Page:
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YMMV / America (2017)

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  • Ass Pull: How America defeats the light monster a second time. She goes back in time to when she first fought the monster and teams up with her future self to send it forward in time, into a trap. There's no given reason as to why this makes the present version of the monster disappear, and why the timeline hasn't changed at all beyond that, despite the monster's existence directly affecting events.
  • Base-Breaking Character:
    • Is America spicy, fun, and badass? Or is she an obnoxious asshole? America's behavior and treatment of others in this story has divided the fanbase.
    • There are people that like America, but not as she was written in this book. There are some that preferred how Al Ewing wrote her in Ultimates.
  • Bile Fascination: It's not unusual for comic book fans to read this just to see with their own eyes how bad it actually is, based on others' reactions.
  • Broken Base: Either it's a fun progressive comic with lots of stuff going on, or it's a terrible "trying too hard to be edgy and modern" comic with no plot. And then there's the So Bad, It's Good camp.
  • Critical Dissonance: The book has been getting stellar grades across the boards from critics, while fans have given the book a colder reception.
  • Fanon: Madrimar's sexuality is never established. But since Everyone Is Gay, Homosexual Reproduction exists and her culture is steeped in lesbianism, fans generally assume that Madrimar is a lesbian, like the rest of her family.
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  • Funny Moments: A meta example. 4chan's /co/ board managed to sneak a mail onto the letters page of the sixth issue of her solo, comparing the run to The Room.
  • Memetic Mutation:
    • "Holy menstruation!" Explanation 
    • "I'm Captain America." "Wait, did you say Hitler?" Explanation 
    • Kate Bishop's incredibly OOC Character Filibuster in the fifth issue has become a very popular phrase. It even supplanted the ever-popular "Holy menstruation!" as the most recognized moment in the series.
      Kate: I'm literally intrigued and in awe of both of them. [America and Magdalena] If this is what it's like to date other women, then I applaud all the women dating women right now because this is incredible. Motorcycle courtship chase? Check. Missiles and explosions? Check. And now "we're just flying together in the sky, heading to a giant heart." I swear, if they come back married I'm going to be so jealous. *sigh* Always the bride's best archer, never the archer-bride.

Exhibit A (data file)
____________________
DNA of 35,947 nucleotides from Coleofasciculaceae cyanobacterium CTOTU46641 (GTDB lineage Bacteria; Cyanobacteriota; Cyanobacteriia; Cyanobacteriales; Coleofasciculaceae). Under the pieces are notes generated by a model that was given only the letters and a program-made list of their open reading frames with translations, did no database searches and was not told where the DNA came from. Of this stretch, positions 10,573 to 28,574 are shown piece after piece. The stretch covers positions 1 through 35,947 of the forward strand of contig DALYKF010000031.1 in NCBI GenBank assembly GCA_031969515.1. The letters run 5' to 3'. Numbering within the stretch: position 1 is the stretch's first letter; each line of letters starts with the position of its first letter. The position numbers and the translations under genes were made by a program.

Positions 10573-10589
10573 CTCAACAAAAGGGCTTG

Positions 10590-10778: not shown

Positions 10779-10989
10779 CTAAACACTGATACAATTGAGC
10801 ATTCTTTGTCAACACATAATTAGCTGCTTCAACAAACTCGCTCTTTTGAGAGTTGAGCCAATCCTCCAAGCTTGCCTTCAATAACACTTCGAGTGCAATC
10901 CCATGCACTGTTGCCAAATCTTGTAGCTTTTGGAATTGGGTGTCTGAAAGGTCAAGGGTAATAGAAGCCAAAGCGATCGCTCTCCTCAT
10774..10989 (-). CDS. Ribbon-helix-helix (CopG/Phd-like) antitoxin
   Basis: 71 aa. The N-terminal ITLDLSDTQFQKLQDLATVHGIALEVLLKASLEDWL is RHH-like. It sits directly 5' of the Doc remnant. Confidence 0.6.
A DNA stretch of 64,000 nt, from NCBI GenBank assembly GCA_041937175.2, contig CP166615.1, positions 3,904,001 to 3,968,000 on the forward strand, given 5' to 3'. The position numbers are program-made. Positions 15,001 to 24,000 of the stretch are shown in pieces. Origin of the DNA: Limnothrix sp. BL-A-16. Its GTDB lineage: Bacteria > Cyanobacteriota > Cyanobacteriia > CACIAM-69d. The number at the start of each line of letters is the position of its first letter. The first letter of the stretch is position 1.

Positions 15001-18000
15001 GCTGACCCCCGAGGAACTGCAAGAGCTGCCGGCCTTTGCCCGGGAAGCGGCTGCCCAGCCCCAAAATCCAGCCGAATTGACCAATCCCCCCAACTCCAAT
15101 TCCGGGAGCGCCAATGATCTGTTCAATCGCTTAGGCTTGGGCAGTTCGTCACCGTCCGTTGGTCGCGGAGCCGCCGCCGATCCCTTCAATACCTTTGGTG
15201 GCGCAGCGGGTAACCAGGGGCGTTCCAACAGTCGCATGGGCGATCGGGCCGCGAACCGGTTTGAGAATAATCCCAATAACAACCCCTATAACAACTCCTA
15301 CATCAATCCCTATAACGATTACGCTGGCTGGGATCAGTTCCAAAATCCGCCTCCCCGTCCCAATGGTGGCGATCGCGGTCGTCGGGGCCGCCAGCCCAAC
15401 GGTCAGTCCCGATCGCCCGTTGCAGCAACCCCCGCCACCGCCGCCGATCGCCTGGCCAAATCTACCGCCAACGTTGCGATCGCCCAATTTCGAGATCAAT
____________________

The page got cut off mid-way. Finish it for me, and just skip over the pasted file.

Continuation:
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    • Due to the infamous troll letter, which compared the book to The Room, America is now recognized as, and called The Room of comics.
  • Misaimed Fandom: A lot of people saw America punching Hitler as an empowering and badass moment, and took it as a sign to fight problems with their fists. But in the story itself, the scene showed that America was in the wrong; her reckless reaction ended up ruining the Allies' plan to stop Hitler, allowing him to get away.
  • Narm: Some of the quotes from the solo have been considered painful to read. The one quote everyone cite as one of the worst in the Marvel lineup is "What the holy menstruation are you doing here?", considered a terrible attempt at pandering.
  • Never Live It Down: Altogether, now: "Holy menstruation." Never mind that she only said this a single time, the comic's many detractors have latched onto this as her catch-phrase, if not simply using "holy menstruation" as a shorthand reference to America herself.
  • So Bad, It's Good: There's people in the solo series' "hatedom" that genuinely enjoy it because of how bad it is. Hey, it may be bad, but it's unintentionally hilarious as well.
  • They Wasted a Perfectly Good Plot: America can visit anywhere in the multiverse in an instant. This book even adds time travel to her power set. But instead of having America's adventures across time and space, most of the arcs just take place at Sotomayor University.
  • Unintentionally Unsympathetic: The scene where America angrily breaks up with Lisa after she refuses to uproot her life and move in with her. In said scene, America uses her star portal powers, the same powers that render the distance between their homes irrelevant, to storm out of Lisa's apartment in a huff. The comic attempts to portray Lisa as being in the wrong and portrays America as the betrayed victim of the situation.

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